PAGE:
The Art of the Lobbyist


This interview was conducted by Soomin Chun, thanks to Dr. Christopher Hansung Ko, Ph.D, who is the CEO of Samsung Bioepis, a biopharmaceutical firm.

Did other companies not come to try to block the entry of lower priced medicine like yours?

That’s why we formed our own lobby group.

Haha, it’s like you’re playing a game.

We register as a lobby group in Washington D.C., meeting with senators…because we are telling everybody that sure, we are not violating other people’s IP (intellectual property), once it has expired—that’s what the patent system is for—then we want to bring a quality product to as many patients as possible. It’s the patient’s choice. If they prefer a branded product and they want to pay more, that’s fine. But we want more people to have access, and a choice.

But the industry doesn’t want that to happen?

No, they don’t want that. But restrictions pass over time, and the US government with the policy of Obamacare, the VP CIA act has been passed and these products are required to be marketed now, so I think people will change their minds.

What should students that aspire to be bio-pharmacists do currently, at school?

Well, they should definitely study biology. As many subsciences as you can, like chemistry, anatomy. So every class you guys offer in science like physics, you should actively pursue those [classes].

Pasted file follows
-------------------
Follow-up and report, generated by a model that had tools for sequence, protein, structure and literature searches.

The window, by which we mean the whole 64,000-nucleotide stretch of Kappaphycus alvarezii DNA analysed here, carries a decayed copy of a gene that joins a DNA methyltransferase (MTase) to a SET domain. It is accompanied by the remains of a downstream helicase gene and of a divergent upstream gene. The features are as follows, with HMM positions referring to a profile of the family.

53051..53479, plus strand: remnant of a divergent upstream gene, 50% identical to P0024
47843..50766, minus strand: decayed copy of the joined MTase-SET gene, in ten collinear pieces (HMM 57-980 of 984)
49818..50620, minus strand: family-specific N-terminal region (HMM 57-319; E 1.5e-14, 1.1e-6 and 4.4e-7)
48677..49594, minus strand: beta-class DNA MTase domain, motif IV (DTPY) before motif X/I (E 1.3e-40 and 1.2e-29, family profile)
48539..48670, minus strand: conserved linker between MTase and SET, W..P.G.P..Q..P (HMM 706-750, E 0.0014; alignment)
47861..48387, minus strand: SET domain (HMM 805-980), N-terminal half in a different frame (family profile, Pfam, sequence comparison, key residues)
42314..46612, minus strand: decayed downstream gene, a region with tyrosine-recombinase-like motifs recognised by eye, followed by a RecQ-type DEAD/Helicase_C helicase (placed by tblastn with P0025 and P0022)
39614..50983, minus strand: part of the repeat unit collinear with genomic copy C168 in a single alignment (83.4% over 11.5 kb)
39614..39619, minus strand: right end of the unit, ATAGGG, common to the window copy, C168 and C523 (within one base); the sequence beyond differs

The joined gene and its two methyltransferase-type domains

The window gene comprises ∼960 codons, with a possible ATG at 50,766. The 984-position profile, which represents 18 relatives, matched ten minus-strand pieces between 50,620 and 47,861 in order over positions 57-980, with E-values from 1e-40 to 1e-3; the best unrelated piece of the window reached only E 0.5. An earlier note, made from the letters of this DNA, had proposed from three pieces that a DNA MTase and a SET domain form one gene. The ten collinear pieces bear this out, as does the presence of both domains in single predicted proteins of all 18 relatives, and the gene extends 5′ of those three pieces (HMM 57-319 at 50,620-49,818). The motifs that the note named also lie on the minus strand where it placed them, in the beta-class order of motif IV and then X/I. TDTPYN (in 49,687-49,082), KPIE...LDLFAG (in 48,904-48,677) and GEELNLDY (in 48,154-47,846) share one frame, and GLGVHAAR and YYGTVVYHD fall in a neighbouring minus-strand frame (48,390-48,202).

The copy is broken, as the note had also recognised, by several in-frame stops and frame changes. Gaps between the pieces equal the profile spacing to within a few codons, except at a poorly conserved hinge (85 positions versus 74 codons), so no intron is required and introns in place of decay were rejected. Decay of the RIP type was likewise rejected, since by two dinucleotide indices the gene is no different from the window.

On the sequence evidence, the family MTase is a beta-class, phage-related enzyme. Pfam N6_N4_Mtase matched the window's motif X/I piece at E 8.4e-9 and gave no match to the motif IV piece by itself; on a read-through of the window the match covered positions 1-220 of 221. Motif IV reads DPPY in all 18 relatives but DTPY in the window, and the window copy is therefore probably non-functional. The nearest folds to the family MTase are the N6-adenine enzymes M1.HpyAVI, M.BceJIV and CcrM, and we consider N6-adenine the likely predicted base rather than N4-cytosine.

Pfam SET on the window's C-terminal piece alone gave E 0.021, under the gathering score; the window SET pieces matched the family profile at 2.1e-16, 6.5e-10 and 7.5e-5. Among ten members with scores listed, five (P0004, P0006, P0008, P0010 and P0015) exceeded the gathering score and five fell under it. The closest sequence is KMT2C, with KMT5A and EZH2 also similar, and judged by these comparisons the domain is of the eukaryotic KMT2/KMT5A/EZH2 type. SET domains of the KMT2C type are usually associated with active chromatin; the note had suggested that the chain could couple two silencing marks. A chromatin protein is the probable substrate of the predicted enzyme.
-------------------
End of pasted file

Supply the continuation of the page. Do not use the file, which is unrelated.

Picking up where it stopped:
What parts of your job do you find most challenging?

Setting priorities amongst the many good ideas. Trying to pick what we consider the best ones is always challenging, because we don’t have unlimited resources.

Then how do you pick which idea is best?

That’s why we have a process. We have team members, everybody speaks and then at the CEO at the end of the day I have to make the decision. Hopefully the right decision.

In a typical workday, how many hours do you work?

At least 10 hours a day.

Isn’t that really tiring?

Yes it is.

Do you think too many or too few people are entering this profession of bio-pharmaceuticals?

In my view, too few, because I think the future for bio-pharmaceuticals is very very bright. This is actually going to surpass what is called traditional pharmaceuticals using small molecules. So if you have the right discipline, and the background, then I think this will create a great career opportunity considering the large market that will be present in the future as well as the few people entering it.

If you could start over again, would you change your career path in any way?

At this point, no. If you asked me ten years ago or ten years from now I might tell you something different, but I would not want to go back right now.

You said one of the things you do is hire new people, so what qualifications do you seek in a new employee?

Just have a passion, sincerity. We care about accessibility, we want to bring the product to more people, but you have got to have the passion to drive you to the goal. Otherwise the process is just too hard.